timony, (being as contradictory as that is, to say no more, certainly would not we believe be received in a modern court of Justice to settle the fact about a debt of five dollars. And if it bé still urged, that such a story is unparalleled, and therefore respectable; we say that it is not unparalleled ; as we have an account of a false
forgeries, were in the second and third centuries considered as equally apostolick as those now received, and as such were publickly read in the churches. 8. The reason why we have not now extant gospels differ. ent, and contradictory to those now received is, because that the sect or party, which finally got the better of its adversaries, and styled itself Catholick, or orthodox, took care to burn and destroy the hereticks, and their gospels with them. They likewise took care to hunt up, and burn the books of the Pagan adversaries of Christianity, “because they were shockingly offensive to pious ears.” 9. Semler considered the New Testament as a collection of pious frauds, written for pious purposes, in the latter part of the second century, (the very time assigned for their first appearance by Dodwell.) Evanson adopts, and gives good reasons for a similar opinion with regard to most of the books which go to com. pose it. Lastly. The reason why the New Testament canon has been so long respected, seems to have been purely owing to the credulity of the ignorant, and the laziness, indifference, or fears of the learned.
Douglas, in his famous “ CRITERION," gives us as infallible tests, by which we may distinguish when written accounts of miracles are fabulous, the following marks.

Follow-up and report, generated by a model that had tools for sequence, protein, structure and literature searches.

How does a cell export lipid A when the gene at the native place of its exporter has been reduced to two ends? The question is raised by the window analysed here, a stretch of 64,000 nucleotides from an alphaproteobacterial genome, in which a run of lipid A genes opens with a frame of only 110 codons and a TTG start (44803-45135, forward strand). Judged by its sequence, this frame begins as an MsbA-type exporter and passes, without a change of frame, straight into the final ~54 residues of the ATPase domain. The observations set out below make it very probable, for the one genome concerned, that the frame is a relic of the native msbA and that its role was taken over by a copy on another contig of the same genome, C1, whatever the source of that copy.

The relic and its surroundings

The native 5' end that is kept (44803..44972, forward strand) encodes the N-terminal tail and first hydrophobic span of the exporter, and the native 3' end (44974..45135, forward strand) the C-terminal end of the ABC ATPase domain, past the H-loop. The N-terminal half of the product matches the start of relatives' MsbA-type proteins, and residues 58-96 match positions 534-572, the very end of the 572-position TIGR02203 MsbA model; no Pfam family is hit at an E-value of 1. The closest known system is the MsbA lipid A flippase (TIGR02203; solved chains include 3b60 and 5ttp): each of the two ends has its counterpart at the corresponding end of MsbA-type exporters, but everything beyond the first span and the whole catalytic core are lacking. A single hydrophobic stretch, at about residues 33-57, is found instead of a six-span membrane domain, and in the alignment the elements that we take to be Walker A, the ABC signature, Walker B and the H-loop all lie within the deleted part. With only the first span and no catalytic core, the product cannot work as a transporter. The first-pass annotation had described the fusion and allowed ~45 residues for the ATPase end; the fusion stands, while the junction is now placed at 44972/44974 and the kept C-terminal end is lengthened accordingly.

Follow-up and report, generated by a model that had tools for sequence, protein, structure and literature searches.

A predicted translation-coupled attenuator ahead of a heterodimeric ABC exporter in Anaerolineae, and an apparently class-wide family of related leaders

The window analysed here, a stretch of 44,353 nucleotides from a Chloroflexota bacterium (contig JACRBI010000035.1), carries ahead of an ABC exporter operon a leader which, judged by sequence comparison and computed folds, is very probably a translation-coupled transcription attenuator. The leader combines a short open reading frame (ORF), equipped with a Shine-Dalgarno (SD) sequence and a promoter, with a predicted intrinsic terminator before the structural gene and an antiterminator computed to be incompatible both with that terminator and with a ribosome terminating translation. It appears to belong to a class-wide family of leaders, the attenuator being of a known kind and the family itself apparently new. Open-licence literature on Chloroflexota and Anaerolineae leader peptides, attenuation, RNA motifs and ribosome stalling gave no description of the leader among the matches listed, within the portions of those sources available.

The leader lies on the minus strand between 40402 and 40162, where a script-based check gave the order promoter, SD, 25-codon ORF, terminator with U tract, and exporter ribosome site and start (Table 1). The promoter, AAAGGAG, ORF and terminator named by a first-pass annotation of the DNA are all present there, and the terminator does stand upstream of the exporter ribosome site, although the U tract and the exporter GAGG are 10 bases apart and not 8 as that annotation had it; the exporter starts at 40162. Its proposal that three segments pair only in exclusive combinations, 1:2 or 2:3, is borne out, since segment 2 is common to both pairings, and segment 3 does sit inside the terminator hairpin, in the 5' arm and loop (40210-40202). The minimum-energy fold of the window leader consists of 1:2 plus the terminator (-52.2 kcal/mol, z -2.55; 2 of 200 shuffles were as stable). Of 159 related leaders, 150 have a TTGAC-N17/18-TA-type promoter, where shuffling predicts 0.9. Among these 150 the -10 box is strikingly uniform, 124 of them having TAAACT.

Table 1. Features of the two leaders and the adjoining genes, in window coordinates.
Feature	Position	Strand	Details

1. “We have reason to suspect (he says,) the accounts to be false, when they are not published to the world till after the time when they are said to have been performed.”
2. “ We have reason to suspect them to be false, when they are not published in the place where it is pretended the facts were wrought, but are propagated only at a great distance from the supposed scene of action."
3. “ Supposing the accounts to have the two fore-mentioned qualifications, we still have reason to suspect them to be false, if in the time when, and at the place where they took their rise, they might be suffered to pass without examination."
These are the marks he gives us as infallible tests by which we may distinguish the accounts of miracles in the New Testament to be true; and accounts of miracles in other books (though supported by more testimony than the former,) to be false ; with how much justice may be evident from the following observations.
r. If “ we have reason to suspect the accounts to be false, when they are not published to the world till long after the time when they are said to have been performed," then we have reasons to suspect the accounts given in the four Gospels; for we have no proof in the world, that any of them were written till nearly one hundred years after the supposed writers of them were all dead.
2. If “ we have reason to suspect them to be false, when they are not published in the place where it is pretended the facts were wrought, but are propagated only at a great distance from the supposed scene of action," then it is still further evident that the accounts in question are not true. For they were apparently none of them published in Judea, the scene of the events recorded in them. But it is pretty clear that they
s on to suspect them
dhe facts were wrought,